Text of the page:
There are fears, too, that Western nations such as Finland and Sweden could be targeted, hence the desire of both countries last year to be accepted swiftly as members of Nato.
We should learn from history. The West was right to stand up to Saddam Hussein in August 1990 when Iraq invaded the tiny but oil-rich country of Kuwait.
If he had been allowed to get away with it, there is little doubt Saddam would have targeted other oil-rich countries in the region, including Saudi Arabia. But strong Western military action halted his plans.
Nato was formed in 1949 by 12 countries, including the US, UK, Canada and France.
It has 31 members across Europe and North America, which have agreed to help one another if one of them is attacked.
Ukraine would become a Nato member tomorrow if that offer was on the table, but it is not – member countries fear it would lead to a massive escalation of the conflict in Eastern Europe.
Similarly, Ukraine is seeking EU membership but, once again, that may not be granted for now.
If the West is not going to allow Ukraine to become a Nato member while still at war with Russia, we must, at the very least, maintain and, ideally, step up our level of military aid to the country.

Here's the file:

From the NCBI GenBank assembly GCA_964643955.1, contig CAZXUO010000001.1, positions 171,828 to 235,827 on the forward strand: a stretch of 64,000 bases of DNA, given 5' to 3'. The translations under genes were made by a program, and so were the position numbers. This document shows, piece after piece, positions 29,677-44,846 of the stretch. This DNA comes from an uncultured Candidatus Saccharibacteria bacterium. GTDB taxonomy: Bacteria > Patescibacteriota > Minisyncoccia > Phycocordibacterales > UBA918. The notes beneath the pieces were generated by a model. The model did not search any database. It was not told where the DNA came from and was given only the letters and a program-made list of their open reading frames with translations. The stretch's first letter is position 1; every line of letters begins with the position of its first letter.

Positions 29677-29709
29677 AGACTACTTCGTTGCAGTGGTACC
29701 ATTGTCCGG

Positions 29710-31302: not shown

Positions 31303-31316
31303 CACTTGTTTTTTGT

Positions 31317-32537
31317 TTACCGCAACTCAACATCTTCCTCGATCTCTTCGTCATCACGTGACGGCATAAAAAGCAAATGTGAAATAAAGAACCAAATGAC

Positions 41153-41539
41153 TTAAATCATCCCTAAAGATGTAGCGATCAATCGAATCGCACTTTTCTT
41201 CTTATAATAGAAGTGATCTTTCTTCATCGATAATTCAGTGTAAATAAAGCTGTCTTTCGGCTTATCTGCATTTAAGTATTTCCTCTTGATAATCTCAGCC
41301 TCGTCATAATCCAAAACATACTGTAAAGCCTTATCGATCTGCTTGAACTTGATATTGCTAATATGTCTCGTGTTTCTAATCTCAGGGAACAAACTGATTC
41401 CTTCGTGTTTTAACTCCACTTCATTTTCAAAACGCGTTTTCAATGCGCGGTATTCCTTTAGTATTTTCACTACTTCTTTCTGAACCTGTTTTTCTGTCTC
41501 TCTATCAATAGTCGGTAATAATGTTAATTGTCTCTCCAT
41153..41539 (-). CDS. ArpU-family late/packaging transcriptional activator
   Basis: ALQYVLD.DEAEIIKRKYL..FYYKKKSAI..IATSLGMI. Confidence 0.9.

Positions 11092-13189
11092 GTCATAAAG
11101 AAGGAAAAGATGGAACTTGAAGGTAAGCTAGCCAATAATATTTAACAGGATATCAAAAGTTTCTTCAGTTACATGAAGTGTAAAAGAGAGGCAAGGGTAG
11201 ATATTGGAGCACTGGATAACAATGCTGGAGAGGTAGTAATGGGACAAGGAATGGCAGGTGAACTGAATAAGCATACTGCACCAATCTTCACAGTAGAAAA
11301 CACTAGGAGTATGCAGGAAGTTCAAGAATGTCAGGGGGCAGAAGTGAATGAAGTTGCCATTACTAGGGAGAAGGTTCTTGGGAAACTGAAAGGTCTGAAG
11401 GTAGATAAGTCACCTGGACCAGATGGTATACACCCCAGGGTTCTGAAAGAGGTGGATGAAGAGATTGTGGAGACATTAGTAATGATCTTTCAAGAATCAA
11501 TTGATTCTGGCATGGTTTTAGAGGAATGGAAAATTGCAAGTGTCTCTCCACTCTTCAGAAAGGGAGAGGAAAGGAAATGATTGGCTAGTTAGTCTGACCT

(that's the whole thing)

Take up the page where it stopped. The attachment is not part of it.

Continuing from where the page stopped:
Without such support from the West, everything now points to a Russian victory in the long term.
Putin has a much larger population at his disposal, he is willing to increase conscription to unprecedented levels and he does not seem to mind how many Russians die in order to win the war.
It made me proud to be British when Rishi Sunak visited Ukraine last month and told President Zelensky that Ukraine ‘will never be alone’, while at the same time announcing £2.5billion of military aid over the coming year.
Our Prime Minister was also right when he said: ‘It sends a strong signal to Putin and others that we are here to stay. We are here to support Ukraine in the long term.’
Yes, Ukraine is fighting for its freedom, its very survival but it is fighting the West’s war, too.
President Zelensky was spot on when he said last month that by supporting Ukraine, Europe is supporting itself. ‘Giving us money or giving us weapons, you support yourself. You save your children, not ours,’ he said.
If the resolve of the US and Europe to defend Ukraine weakens, it would be a tragedy not just for Ukraine but for the world in general.
For we not only have a moral obligation to defend Ukraine but, if Russia is allowed to annex its neighbour, the world will be a much more dangerous place.